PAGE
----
I found a few years ago that while deliberately trying to hit a fade, that I hit it dead straight (where I was aimed) almost every time, with a much more solid hit. Turns out my shoulders were better aligned when I THOUGHT they were open...
I disagree with Surge; I don't think you need to wait to try to hit fades and draws; you may find in the process that your usual alignment was off, and you might find a way to start hitting the ball better than you were before!

Dave Everitt's picture

Submitted by Dave Everitt on

Hi Tina,

My shoulders are definitely closed to the foot line. I know that I've gone far enough if my back feels a little turned towards the target. It seems quite easy to do this while going into the master setup position. In the past, with my former rotational swing I played some with this closed shoulder setup with limited success. I talked to a golf pro about this the other day and he said something that I agree with from experience. He thought that presetting the shoulders closed was much more compatible with an upright than a flat swing. The nice thing now is that by presetting the start of the shoulder turn the feeling is that the rest of it just happens while focusing on doing the lift to the top.

Dave

TinaB's picture

Submitted by TinaB on

Wow, Steve, that was DETAILED. I was good until he got into the 3-D plane stuff and the rest of it. Too much thinking for me!!
But the article did confirm what I learned at Golf-tec: to hit a slight draw, the clubPATH needs to be slighty right (about 6 degrees) of the target line (in to out) and the clubFACE also needs to be needs to be right (open) 3 degrees to the target line, but which makes it CLOSED slightly to the PATH, leading to a nice little draw. And who said we would never use all that science?? :)

Steve Smith's picture

Submitted by Steve Smith on

Fortunately most us found out the first time we dead centered a tree that we were trying to go around that we had better aim more outside of the tree than we thought.

JKPassage's picture

Submitted by JKPassage on

Tina / Steve - we could debate for a long time on the theories of hitting draws and fades. I am friends with high-profile Trackman users. They say the ideal draw is one where the club swing path is 6* to the right of the aiming line and the club face is 4* to the right of the aiming line (or 2* closed to the path). What they are reticent to discuss with me is HOW a golfer is going to know DURING THE SWING that he/she is doing exactly that. THEY CAN'T KNOW! It's essentially guess work and trial and error, maybe even a lot of luck.

Which leads the Surge to caution us about trying to hit draws and fades when we can't consistently hit straight shots and keep the ball in play. For a lot of Surgites, concentrating on hitting straight shots is the best thing to do.

Steve Smith's picture

Submitted by Steve Smith on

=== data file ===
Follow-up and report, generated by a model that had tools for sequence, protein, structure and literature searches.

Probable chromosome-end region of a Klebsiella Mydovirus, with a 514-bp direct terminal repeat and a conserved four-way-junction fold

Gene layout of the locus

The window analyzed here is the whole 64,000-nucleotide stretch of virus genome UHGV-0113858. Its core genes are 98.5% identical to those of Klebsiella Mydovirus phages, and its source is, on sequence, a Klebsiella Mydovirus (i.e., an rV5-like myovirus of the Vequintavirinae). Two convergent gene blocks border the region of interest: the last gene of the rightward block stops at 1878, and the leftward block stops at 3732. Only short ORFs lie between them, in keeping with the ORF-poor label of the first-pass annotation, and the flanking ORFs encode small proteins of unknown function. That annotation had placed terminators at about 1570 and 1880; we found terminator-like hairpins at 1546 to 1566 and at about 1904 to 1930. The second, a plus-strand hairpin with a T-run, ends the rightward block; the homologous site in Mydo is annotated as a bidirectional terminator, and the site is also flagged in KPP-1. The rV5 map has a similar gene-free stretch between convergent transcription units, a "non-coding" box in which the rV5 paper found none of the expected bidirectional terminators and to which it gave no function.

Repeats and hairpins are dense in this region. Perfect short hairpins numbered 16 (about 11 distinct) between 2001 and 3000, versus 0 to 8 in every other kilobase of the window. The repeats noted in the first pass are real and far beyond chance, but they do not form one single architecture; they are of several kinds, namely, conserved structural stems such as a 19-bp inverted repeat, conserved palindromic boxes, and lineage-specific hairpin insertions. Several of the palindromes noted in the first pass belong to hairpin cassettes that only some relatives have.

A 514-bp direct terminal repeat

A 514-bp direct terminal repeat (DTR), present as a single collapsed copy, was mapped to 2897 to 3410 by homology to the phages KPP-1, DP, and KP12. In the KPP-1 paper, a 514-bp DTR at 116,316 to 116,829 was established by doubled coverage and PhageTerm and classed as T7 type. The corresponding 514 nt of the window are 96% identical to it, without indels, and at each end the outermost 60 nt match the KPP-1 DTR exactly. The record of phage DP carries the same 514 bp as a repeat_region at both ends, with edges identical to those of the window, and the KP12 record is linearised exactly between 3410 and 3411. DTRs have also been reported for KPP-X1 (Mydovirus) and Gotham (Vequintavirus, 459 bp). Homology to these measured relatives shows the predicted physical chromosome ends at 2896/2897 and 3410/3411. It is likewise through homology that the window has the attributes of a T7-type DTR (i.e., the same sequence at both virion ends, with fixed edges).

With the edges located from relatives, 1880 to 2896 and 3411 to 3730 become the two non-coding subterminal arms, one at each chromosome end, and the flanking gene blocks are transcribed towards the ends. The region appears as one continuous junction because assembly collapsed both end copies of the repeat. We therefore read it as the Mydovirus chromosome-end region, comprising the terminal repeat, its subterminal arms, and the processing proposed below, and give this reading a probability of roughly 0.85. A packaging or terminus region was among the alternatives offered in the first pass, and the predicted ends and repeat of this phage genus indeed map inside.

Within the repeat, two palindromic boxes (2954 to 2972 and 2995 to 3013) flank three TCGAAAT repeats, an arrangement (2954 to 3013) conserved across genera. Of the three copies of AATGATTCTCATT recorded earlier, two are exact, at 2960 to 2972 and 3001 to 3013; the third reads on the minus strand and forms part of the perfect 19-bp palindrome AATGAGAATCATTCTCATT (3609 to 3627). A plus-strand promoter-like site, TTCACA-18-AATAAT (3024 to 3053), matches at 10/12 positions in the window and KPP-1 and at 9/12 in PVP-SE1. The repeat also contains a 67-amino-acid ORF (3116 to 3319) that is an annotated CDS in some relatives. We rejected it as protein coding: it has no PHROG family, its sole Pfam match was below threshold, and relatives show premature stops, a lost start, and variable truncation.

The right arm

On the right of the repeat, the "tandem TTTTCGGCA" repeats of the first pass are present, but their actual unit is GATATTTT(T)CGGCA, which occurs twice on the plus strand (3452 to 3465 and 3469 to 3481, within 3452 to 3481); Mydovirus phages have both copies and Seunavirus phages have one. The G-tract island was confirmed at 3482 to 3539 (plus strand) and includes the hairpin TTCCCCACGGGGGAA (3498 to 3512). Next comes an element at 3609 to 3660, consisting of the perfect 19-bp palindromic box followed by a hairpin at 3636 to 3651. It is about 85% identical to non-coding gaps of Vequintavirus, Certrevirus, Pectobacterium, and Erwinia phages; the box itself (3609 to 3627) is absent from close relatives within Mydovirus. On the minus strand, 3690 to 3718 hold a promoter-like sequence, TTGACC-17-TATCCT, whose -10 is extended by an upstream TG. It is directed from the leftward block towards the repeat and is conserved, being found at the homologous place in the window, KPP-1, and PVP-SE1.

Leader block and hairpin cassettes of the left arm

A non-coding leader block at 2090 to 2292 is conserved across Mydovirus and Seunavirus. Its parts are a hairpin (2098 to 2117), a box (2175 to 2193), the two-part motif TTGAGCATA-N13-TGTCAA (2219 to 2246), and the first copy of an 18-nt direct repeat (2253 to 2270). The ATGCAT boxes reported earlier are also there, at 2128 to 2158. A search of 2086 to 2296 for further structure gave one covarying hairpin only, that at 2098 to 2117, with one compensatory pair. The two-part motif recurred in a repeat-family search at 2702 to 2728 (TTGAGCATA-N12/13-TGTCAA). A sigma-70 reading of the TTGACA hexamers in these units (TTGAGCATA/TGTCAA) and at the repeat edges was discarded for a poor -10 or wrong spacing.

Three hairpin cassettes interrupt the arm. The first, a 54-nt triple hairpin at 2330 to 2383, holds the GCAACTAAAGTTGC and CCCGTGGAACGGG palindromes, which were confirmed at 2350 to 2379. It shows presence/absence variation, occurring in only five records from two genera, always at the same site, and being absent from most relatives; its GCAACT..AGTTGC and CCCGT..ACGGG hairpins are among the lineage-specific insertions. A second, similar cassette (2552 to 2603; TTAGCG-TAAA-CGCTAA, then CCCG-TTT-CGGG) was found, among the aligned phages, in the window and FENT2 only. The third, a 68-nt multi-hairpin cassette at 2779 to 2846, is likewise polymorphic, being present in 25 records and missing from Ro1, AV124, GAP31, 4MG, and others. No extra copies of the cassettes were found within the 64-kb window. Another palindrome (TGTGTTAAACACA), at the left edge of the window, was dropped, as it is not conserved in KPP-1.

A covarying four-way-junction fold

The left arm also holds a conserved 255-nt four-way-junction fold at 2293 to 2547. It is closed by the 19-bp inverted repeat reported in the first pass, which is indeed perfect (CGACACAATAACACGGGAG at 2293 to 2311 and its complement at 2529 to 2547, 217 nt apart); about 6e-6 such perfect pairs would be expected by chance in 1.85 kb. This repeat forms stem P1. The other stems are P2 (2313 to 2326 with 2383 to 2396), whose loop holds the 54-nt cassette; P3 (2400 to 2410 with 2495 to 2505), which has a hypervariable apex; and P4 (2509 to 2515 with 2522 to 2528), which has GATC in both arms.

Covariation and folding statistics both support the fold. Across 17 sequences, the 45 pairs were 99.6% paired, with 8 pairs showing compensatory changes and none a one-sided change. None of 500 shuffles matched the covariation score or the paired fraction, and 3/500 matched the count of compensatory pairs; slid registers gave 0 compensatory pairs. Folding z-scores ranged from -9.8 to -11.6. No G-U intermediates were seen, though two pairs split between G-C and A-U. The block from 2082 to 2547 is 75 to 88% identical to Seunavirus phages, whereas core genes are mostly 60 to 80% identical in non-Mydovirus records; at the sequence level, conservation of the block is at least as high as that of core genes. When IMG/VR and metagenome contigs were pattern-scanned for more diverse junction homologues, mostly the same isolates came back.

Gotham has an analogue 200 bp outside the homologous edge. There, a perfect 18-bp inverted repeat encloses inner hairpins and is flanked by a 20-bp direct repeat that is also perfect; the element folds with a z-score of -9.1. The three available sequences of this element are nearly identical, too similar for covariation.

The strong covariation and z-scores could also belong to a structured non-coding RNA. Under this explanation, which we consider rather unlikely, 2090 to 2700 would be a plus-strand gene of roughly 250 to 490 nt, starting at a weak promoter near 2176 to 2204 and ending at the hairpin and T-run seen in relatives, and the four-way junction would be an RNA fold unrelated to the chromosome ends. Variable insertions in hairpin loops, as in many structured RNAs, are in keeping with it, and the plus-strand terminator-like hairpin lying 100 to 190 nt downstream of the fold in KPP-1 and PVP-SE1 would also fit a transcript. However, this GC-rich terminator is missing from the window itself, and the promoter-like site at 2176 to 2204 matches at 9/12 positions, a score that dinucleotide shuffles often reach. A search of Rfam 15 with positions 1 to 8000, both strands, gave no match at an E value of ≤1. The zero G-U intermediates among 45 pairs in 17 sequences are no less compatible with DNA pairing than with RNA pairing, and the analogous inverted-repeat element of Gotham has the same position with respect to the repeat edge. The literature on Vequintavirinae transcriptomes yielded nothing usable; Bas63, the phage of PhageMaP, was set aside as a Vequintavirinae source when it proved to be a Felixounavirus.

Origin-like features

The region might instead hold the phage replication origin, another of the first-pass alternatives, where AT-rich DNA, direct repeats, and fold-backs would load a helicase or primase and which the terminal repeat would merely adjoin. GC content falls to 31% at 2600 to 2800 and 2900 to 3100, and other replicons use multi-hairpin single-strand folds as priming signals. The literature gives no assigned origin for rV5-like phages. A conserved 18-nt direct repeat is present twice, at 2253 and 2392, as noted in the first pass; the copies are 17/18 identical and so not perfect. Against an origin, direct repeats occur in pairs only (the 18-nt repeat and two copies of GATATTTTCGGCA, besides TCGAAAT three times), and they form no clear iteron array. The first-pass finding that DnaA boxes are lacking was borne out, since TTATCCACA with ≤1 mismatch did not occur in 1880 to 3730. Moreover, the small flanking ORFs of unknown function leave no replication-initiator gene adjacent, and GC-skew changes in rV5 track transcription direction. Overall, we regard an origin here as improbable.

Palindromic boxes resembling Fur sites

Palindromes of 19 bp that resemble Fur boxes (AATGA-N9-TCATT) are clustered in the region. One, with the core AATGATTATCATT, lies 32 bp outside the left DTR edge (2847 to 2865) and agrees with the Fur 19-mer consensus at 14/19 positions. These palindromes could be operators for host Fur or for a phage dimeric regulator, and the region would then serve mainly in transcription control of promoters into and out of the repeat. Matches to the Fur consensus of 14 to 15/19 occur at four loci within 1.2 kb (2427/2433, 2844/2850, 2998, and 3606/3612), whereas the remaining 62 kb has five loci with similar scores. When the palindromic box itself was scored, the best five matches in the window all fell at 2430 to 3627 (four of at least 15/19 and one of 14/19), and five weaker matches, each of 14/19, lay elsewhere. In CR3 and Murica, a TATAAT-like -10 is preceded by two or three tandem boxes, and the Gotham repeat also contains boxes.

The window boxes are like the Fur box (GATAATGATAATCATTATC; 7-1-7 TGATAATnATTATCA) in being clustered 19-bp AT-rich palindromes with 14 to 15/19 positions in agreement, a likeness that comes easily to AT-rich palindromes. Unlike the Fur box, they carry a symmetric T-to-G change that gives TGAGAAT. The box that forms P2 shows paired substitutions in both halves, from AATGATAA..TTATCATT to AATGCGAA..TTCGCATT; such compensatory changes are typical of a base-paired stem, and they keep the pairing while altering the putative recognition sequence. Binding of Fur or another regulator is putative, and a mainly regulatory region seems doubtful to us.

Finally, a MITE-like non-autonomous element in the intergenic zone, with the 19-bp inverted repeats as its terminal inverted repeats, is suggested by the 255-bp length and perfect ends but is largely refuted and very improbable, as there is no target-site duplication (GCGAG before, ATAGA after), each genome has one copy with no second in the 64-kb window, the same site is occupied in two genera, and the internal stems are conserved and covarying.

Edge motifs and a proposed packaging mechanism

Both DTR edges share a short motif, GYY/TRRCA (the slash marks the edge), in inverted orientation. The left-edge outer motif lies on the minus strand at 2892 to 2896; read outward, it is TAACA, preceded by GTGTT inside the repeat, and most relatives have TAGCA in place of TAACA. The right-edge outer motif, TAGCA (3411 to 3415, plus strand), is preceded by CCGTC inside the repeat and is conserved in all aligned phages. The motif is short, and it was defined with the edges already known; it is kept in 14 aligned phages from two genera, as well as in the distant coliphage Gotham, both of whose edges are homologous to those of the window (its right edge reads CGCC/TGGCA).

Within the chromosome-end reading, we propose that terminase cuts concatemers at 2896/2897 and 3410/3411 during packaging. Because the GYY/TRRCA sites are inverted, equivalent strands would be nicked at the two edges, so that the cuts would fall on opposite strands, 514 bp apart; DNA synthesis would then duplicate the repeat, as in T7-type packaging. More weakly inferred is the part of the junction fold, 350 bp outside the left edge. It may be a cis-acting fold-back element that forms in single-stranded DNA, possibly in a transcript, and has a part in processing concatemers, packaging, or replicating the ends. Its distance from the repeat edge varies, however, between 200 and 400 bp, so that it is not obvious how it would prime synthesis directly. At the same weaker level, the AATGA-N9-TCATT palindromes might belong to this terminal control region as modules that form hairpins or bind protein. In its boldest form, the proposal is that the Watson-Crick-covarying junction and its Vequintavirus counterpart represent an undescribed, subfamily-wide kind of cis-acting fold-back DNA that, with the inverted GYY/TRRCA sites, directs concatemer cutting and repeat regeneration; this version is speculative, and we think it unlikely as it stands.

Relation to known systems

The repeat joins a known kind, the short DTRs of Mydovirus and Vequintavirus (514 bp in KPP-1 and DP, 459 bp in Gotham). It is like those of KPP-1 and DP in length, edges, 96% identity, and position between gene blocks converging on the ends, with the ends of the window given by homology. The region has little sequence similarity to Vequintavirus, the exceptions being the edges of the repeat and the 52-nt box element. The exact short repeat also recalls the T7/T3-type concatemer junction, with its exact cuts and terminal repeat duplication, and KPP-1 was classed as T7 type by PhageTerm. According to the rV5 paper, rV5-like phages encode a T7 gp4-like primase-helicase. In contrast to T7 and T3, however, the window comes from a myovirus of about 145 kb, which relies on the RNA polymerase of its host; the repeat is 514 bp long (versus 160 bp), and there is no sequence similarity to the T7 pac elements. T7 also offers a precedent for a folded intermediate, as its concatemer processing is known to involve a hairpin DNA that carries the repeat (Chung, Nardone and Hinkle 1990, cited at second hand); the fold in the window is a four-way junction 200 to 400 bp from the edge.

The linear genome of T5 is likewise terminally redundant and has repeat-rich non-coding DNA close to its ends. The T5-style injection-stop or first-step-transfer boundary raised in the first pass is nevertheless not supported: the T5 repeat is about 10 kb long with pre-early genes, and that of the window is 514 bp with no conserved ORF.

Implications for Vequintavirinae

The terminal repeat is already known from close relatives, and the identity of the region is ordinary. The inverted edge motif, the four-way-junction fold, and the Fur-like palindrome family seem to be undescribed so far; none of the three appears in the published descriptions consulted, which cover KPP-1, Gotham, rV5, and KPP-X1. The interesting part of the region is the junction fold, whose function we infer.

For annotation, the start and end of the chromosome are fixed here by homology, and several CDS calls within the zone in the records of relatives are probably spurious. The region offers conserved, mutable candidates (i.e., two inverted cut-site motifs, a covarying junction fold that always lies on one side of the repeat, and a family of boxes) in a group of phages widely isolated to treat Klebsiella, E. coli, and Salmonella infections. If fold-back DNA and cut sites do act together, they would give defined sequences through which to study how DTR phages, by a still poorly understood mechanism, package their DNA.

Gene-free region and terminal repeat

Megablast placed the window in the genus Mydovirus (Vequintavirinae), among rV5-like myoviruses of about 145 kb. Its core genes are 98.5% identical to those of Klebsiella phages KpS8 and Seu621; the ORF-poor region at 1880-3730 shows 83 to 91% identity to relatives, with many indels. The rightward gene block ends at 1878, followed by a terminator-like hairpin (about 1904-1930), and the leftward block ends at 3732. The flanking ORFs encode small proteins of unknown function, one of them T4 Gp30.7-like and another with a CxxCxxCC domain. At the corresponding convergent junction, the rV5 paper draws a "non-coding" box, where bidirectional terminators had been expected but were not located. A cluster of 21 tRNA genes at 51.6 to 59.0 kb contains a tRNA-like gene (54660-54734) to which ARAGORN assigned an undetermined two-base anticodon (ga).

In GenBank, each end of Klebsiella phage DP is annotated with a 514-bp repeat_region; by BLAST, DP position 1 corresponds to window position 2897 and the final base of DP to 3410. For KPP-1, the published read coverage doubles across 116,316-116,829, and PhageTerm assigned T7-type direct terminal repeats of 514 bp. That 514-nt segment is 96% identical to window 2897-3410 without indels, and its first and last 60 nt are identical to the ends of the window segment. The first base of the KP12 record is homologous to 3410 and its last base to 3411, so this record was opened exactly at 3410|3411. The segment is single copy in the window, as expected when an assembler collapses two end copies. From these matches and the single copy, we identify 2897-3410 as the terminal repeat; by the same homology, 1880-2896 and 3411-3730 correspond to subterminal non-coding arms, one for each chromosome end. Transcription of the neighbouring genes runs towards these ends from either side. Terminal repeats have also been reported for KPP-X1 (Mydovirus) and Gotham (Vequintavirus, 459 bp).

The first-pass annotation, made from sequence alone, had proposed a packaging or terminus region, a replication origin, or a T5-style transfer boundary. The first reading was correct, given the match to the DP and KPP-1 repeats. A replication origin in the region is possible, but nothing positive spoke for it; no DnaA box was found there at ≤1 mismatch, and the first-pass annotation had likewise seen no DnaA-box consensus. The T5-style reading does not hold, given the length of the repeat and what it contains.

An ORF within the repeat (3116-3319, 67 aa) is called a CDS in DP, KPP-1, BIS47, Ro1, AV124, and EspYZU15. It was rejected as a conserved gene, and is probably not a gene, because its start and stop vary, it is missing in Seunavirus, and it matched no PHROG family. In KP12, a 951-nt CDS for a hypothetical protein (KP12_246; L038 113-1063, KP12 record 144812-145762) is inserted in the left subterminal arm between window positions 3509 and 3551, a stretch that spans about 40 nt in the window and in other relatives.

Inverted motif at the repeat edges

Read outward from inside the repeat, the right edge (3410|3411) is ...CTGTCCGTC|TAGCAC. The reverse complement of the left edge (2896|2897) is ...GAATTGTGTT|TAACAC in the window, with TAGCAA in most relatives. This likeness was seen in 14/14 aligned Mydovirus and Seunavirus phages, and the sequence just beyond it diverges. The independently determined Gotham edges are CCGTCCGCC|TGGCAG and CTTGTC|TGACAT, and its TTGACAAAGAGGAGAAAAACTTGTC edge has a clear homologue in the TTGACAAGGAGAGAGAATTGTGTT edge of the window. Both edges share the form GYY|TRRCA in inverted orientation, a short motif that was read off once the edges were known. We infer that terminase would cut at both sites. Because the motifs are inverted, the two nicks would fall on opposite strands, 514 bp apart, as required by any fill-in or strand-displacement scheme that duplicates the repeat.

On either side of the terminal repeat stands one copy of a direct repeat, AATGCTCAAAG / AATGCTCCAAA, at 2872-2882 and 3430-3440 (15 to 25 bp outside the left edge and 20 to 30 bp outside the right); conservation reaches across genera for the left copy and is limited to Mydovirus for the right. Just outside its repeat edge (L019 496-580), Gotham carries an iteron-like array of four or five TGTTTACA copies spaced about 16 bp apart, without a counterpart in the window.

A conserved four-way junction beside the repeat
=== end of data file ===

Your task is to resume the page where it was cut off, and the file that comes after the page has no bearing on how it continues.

6* and 4* at impact is about right for a draw. You are right that none of us can KNOW exactly what either the swing path or the club face angle was at impact, but understanding the ball flight laws can save us from going on some wild goose chases.

For instance, if someone hits a pull-draw and they don't understand the ball flight laws they automatically assume their swing path was from out to in when in fact the swing path may have been straight or even in to out, and still produce the pull draw because the club face was closed.
(Or the opposite for a push fade).

Robert Fleck's picture

Submitted by Robert Fleck on

JK, It seems to me that part of your argument is based on not using certain terms the same way Surge does. If you have and watch the "Working the Ball" videos, you'll see that what you're calling the aiming line, Surge calls the target line. The aiming line, in PPGS instruction, is ALWAYS the line on which you intend to swing the club. It is the line to which you set your toe line parallel.

In PPGS terms, to hit a draw, you set your aiming line right of the target (use 6* for your example) and set the club face between that aiming line and the target line. The ball will start slightly left of the aiming line and continue to move left toward the target.

JKPassage's picture

Submitted by JKPassage on

Robert, thanks for helping me get educated with the proper terms. Because the Surge always speaks of parallel left in setup, I was equating aiming line with target line. The aiming line as you define it is what I would simply call swing path. If there is a place within the "Surge World" where I can become better educated on terms and application of those terms, please direct me. And thanks again, JKP

Robert Fleck's picture

Submitted by Robert Fleck on

I think a PPGS glossary of terms would be a great idea.

In general, when setting up, the aiming line and the target line are the same, because we intend to hit the ball straight.

Not getting your toes parallel to the aiming line, but keeping them parallel to the target line, when trying to hit a draw is one reason many people fail to hit a draw. Your body is now open to your swing path, which will naturally create a rightward spin, counteracting the leftward spin from the closed club face. :)